Q and A: Spinal arthritis
I am in my late 50s and have started having stiffness in my back. I have become much less flexible and sometimes even have a hard time looking over my shoulder. I remember my grandparents complaining about arthritis in their knees and hands—and the pain they had later in life. Could I be developing arthritis in my spine? Is there anything I can do?
ANSWER: Arthritis is a condition that can develop in the spine. Over time, the cartilage in joints can break down and cause swelling and tenderness. It's common in the joints used daily, such as the hands and knees, but it also can affect other areas of the body.
The spine is comprised of 33 bones stacked one over the other, like LEGO blocks, connected by three different joints. Arthritis can affect various joints in the body that are load-bearing and where movement occurs, including the spine.
The most common types of arthritis are osteoarthritis and rheumatoid arthritis. Osteoarthritis occurs when the cartilage that caps your bones wears away. Degenerative changes can happen over time in joints used daily for motion. Osteoarthritis is the most common type of arthritis.
Rheumatoid arthritis is caused when your body's immune system mistakenly attacks your joints. You may experience pain and swelling, and your bones and joints slowly erode and deform. You can get this type of arthritis at any age, but it usually is more common in adults 40 or older.
The spine is susceptible to osteoarthritis because of the motion between the vertebrae. It's most common in the lower back, or lumbar spine, because these joints carry most of the body weight. When a person stands upright, the lumber spine experiences additional strain and wears out faster than nonmobile levels, such as the middle of the spine.
The neck also is susceptible to arthritis. This is because of the millions of flexions, extensions and rotary movements made by the joints in the neck. Over time, the disc cartilages and facet joints tend to wear out. This can cause stiffness and a loss in range of motion of your neck.
Managing your risk
There are several factors that can increase your risk of osteoarthritis. Some of these risk factors can be modified, but the others are inherent and not modifiable. The factors that cannot be changed include age, genetics, gender and ethnicity.
For risk factors that can be changed, the saying "an ounce of prevention is better than a pound of cure" applies to spinal arthritis. The modifiable risk factors include obesity, metabolic syndrome, previous injury, occupation, diet and physical activity.
There are things that you can do to lower your risk of arthritis developing and causing painful symptoms, including:
- Remain active. The more sedentary people are, the more likely they will have issues with arthritis pain. Strenuous physical activity isn't necessary, though. Simple exercises, like walking, help keep you mobile and your joints healthy.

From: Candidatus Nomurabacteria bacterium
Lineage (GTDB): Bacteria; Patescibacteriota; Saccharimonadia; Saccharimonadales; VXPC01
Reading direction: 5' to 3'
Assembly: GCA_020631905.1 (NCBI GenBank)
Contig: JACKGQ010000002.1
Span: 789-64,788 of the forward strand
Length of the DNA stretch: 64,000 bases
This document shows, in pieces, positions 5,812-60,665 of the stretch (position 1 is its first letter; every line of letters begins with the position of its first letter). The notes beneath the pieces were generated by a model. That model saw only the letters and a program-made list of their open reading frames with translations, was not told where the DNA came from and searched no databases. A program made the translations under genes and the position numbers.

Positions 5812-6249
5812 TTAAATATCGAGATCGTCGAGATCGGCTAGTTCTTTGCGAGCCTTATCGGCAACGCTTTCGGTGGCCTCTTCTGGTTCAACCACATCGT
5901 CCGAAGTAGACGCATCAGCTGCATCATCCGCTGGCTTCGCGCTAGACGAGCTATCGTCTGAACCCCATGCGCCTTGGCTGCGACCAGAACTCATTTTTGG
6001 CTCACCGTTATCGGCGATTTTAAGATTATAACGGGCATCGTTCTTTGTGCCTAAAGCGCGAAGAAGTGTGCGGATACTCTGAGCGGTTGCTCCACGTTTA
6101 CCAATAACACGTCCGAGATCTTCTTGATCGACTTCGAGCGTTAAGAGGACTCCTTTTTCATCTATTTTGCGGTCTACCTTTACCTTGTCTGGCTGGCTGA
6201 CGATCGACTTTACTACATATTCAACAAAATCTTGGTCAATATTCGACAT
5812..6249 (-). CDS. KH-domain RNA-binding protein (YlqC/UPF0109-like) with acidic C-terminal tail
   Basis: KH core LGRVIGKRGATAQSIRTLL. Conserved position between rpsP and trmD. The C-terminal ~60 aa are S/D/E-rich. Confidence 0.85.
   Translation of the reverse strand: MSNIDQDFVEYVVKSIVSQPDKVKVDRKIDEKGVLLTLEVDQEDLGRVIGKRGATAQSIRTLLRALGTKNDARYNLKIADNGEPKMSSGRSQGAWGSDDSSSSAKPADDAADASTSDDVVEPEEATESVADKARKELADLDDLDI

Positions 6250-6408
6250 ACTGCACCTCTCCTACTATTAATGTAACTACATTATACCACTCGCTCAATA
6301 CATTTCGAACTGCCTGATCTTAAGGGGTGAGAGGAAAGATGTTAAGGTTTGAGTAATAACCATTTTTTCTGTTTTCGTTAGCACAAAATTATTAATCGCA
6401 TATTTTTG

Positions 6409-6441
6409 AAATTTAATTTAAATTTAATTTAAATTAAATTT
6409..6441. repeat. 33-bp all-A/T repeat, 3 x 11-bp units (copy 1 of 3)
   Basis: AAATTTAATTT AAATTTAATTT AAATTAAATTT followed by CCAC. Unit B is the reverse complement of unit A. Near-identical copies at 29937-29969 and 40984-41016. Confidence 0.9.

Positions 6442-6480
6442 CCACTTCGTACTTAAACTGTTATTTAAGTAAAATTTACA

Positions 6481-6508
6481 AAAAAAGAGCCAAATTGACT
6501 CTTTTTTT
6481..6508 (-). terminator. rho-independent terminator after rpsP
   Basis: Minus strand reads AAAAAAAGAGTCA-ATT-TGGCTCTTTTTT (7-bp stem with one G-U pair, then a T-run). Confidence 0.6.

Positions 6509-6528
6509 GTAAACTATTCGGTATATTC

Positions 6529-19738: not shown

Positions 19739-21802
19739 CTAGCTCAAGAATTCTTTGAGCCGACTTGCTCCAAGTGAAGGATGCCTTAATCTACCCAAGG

- Maintain a healthy weight. Carrying extra weight is hard on the joints in your back. Aim for a healthy body weight to keep your joints happy.
- Don't use tobacco. People may understand that smoking affects lung health, but it also speeds up cartilage loss in joints and aggravates back pain. Don't start smoking, and if you do smoke, quit.
Many people have some degree of degenerative changes in their spines due to arthritis. But not everybody who has arthritis on diagnostic imaging has symptoms. Treatment is considered only if a person is experiencing symptoms that don't go away with exercise or weight loss, and arthritis is present on images, like an X-ray.
To develop an individualized treatment plan, your health care team will match your image results with your reported symptoms. Any surgical procedure carries risk, so the goal is to medically manage arthritis symptoms without surgery in most cases. Conservative medical options for treating symptomatic spinal arthritis include physical therapy, chiropractic manipulation, exercise, massage, medications and weight loss. For most patients, these options lessen back pain and improve mobility.
Additional treatments may be necessary if symptoms aren't improving or the arthritis is causing compression of the nerves, leading to weakness or loss of mobility. Surgical options range from a laminectomy to a spinal fusion.
It is essential that you talk with your health care team if your back pain and stiffness worsen, or you develop weakness that radiates down your legs or arms. Those are signs that it is time to have an evaluation with a spine specialist or neurosurgeon.
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